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Mental Health Summit communiqué

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26 June 2019

The Minister for Veterans and Defence Personnel, the Hon Darren Chester MP, convened a national summit of experts in veteran mental health and suicide prevention to reshape the 10-year Veteran Mental Health Strategy; and to focus on a National Action Plan to improve veterans’ mental health, wellbeing and to significantly reduce suicide. This is the first step in a series of consultations to ensure veterans and their families shape the government’s response to this important issue.

The Prime Minister has made mental health one of his highest priorities and will be driving new efforts to improve mental health for all Australians right across government.

Minister Chester has been charged with ensuring that the mental health needs and services for veterans and their families receive maximum effort in the new term of government.

Participants at the Summit acknowledged that there is good work being done to support the mental health and wellbeing of veterans and their families. Yet, a more collaborative approach is needed to move from an illness model to a wellness model.

The Australian Government as a whole, and Defence and DVA specifically, will need to work closely with veterans and their families, researchers, ex-service organisations (ESOs), business and service providers to lead national policy efforts to implement practical, local, community-led and evidence-based solutions.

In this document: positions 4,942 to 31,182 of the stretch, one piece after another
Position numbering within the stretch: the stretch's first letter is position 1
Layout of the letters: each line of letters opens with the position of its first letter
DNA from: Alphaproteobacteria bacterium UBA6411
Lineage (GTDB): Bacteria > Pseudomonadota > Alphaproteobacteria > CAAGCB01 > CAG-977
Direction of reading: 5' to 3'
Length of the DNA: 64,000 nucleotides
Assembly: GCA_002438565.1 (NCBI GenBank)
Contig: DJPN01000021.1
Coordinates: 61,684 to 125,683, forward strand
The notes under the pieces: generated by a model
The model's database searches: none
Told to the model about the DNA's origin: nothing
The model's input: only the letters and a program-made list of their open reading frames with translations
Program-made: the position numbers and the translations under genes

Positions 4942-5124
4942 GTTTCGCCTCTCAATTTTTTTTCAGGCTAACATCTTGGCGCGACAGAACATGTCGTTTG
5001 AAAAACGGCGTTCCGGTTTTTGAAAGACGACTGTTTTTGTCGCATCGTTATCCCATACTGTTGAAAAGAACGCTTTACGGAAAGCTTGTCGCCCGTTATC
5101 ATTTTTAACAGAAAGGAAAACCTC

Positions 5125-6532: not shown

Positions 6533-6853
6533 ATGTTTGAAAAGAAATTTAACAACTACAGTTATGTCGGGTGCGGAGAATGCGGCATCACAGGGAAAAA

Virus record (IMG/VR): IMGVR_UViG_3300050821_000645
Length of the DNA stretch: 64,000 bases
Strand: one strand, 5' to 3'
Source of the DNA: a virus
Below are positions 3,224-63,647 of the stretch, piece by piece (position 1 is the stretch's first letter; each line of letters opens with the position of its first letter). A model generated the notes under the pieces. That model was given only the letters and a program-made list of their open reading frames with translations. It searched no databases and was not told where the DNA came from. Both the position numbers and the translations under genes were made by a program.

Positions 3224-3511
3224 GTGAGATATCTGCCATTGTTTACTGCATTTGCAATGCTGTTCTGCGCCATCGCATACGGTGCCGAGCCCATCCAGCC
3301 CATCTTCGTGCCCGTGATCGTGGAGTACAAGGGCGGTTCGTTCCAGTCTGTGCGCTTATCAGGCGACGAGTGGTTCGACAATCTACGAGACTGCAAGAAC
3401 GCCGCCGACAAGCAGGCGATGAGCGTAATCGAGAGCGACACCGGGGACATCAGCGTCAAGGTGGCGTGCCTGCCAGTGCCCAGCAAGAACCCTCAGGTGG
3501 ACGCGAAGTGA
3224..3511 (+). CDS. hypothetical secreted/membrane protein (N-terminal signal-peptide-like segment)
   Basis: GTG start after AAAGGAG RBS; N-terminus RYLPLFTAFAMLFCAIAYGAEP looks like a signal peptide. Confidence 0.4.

The Veteran Mental Health and Wellbeing Strategy will be renewed and the Summit participants agreed to work together to engage veterans and their families in the development of a National Action Plan, for endorsement by government, by the end of this year. This work starts now and will be designed and built through local engagement with veterans and families. Similarly the existing national network of experts, service providers, businesses and ESOs can support and enable veterans to transition well and live well.

We have identified four critical priority areas:

  1. Health Care — top quality, evidence-based, accessible and tailored to reflect the unique nature of military service and its impacts on veterans and their families. The government may need to address some market failures impacting accessibility, but also, veterans and families need to be empowered to drive their own care needs.
  2. Transition — supporting veterans and their families from military life to civilian life.
  3. Partnerships — across government, business, service providers, communities, researchers and ESOs. For service delivery partnerships, it is essential that each partner contribute to wellbeing and recovery-focused, models.
  4. Engagement, Communication and Education — engage better and more often in informing and educating veterans, their families and the wider community on the mental health success stories, identifying the positive support, help and services available. It is important that veterans are informed of progress being made on recommendations from previous inquiries, studies and reviews in parallel to this work.

The Summit identified some priority areas for the action plan, and we will identify more as we engage further with veterans and their families: